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Senior Fellow at Harvard Law School and Distinguished Visiting Researcher at the AUC School of Business Stephen Davis Outlined Changes in Corporate Governance Practices During a Recent Visit to Cairo.

Examining the Five Biggest Current Trends in the Field.

Mar 5, 2018

For nearly 400 years, corporate governance – the mechanisms and processes through which companies are regulated and directed – was a backwater of the capital market.

Today it is considered one of the key global indicators of corporate success and a test of whether businesses, shareholders, stock exchanges and regulators are equipped to meet market pressures in the twenty-first century.

The rapidly changing field was the topic of an MBA Debate hosted by the AUC School of Business on February 12, entitled “Current Trends in International Corporate Governance.” The talk was conducted by Davis during his visit to AUC and was moderated by Professor Khaled Dahawy.

To take stock of the discipline’s transformation throughout the years, Davis decided to devote his focus to defining what he considers to be the top-five trends in international corporate governance nowadays.

The first one in his eyes is what he simplistically called public policy’s “big bet.” This wager, in essence, is one that gives the market tools to police itself through empowering investors, boards and intermediaries on the assumption that each will act in the best long-term interests of their shareowners and the market as a whole. The big bet represents a stark shift from a pre-2008 structure that relied on market-risk-oversight models that ultimately led to fraud and excess.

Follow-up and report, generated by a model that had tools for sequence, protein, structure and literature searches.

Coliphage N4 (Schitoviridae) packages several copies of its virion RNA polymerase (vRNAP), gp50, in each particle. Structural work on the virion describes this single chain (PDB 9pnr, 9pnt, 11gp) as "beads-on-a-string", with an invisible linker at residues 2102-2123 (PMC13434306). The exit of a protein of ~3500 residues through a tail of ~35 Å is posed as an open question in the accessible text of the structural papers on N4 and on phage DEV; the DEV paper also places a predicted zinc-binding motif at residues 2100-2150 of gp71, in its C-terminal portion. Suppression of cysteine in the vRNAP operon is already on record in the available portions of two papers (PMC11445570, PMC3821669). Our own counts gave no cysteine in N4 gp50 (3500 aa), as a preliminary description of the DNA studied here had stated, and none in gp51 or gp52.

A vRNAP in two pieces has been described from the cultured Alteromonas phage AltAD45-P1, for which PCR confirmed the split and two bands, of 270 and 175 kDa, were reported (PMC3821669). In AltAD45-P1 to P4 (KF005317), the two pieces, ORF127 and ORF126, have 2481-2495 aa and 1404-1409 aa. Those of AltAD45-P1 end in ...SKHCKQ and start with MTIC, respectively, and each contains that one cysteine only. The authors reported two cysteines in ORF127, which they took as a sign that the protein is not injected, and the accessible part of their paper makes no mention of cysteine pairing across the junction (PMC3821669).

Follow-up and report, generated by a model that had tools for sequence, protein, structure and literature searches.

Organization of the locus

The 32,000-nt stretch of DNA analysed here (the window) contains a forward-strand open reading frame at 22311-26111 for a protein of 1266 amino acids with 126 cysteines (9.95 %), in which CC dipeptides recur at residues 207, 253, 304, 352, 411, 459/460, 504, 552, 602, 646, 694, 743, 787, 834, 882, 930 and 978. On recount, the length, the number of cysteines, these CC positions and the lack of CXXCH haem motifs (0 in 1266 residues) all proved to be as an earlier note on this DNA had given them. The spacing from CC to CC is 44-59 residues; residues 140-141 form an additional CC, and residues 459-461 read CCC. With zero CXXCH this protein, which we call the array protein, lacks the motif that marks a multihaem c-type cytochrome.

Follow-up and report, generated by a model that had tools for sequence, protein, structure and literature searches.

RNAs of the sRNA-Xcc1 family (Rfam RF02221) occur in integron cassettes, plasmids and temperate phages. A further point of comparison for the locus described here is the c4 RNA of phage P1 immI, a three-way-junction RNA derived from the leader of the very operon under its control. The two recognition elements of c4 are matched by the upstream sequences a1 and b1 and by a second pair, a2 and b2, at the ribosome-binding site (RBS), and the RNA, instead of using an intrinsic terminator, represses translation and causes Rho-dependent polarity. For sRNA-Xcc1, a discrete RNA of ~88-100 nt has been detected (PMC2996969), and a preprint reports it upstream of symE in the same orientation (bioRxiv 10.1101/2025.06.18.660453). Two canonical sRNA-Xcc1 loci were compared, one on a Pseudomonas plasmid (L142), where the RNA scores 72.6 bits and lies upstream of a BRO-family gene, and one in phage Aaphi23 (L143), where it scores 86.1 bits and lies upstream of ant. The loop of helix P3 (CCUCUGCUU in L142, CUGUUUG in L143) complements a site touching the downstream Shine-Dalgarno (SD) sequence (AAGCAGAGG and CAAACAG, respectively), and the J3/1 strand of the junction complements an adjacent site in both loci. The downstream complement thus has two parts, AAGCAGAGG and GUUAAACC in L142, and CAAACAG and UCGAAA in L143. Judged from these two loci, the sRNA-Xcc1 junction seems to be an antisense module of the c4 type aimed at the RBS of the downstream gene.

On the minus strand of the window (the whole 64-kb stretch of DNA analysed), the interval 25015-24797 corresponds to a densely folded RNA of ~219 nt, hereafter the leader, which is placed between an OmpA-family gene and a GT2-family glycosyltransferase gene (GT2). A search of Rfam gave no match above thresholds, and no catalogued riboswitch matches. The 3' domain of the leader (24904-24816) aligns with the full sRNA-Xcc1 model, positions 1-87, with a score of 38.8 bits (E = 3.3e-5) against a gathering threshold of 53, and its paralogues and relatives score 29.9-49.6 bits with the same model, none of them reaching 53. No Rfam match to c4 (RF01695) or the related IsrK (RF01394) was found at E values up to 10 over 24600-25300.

The second trend that Davis emphasized was the importance of moving past “clubby boards” that feature a narrow range of members. “Boards [should be] more diverse, independent and climate-competent so that they are in a position to deliver better long-term returns for investors,” he stated. "Corporate boards need to have 30-40 percent of its members be women by the year 2020."

Climate change and the social media revolution were, perhaps predictably, important areas for focus moving forward as well, with many large institutional investors now putting them at the forefront of their policies in an effort to adapt to the changing game.

The fifth and final trend that Davis outlined was the voice of the citizen investor. The latest corporate governance actor, in his eyes, could very easily be the millions of citizens who supply big institutions with savings capital, but never play a direct role in proceedings thereafter. A millennial culture that embraces stewardship might prove to be the main cause of a shift in this regard.